Great news on the first day of fall: Compared to other fruit, kids are really, really into apples.
A new study published in the journal Pediatrics surveyed over 3,000 kids, determining that apples account for 19 percent of the total fruit they're consuming. And this love of apples seems to get stronger with age; children between the ages of 6 and 11 are eating 8 percent more than kids 2 to 5 years old.
The question, though, is whether or not kids are getting fruit in its best form. Whole fruits are the most nutritious, providing necessary fiber and avoiding the extra sugar found in fruit juices. But the study shows about a third of apple intake is the form of apple juice.
When it comes to babies under six months old, you'll want to avoid juice altogether. It can interfere with baby's consumption of breast milk or formula. Plus, the American Academy of Pediatrics explains that fruit juice has too much sugar and too many carbs for an infant's system, contributing not only to early tooth problems, but diarrhea. The official recommendation: "It is prudent to give juice only to infants who can drink from a cup (approximately 6 months or older)."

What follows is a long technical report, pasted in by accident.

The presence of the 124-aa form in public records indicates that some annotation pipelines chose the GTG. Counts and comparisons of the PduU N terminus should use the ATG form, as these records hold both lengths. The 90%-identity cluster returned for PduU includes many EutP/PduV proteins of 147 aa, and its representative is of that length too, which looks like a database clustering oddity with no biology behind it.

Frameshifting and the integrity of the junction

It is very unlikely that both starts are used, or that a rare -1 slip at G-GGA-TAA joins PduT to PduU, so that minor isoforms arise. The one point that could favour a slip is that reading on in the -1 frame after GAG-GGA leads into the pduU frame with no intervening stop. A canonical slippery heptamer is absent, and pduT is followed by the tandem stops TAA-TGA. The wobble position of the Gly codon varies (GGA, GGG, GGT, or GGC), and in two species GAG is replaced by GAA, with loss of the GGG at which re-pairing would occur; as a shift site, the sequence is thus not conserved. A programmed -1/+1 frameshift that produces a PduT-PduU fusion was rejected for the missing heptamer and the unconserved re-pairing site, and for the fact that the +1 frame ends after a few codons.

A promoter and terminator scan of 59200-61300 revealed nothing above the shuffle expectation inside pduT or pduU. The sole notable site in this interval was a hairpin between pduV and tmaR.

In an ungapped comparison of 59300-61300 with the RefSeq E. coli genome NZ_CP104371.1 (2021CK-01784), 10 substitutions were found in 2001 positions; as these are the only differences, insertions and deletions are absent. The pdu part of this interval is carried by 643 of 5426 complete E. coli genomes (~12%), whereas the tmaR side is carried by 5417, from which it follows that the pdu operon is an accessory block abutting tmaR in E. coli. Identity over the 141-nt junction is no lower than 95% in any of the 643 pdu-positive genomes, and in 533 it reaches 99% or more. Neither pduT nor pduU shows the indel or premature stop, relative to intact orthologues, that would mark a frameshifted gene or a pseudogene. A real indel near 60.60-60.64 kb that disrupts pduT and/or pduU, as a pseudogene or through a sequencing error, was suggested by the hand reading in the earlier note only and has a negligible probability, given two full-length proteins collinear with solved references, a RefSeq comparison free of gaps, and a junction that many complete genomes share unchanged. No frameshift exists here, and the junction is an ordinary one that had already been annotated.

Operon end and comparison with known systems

When can you introduce actual apples? Baby will be ready for solid foods around six months. Look for signs like sitting up and the ability to open and close the mouth over a spoon.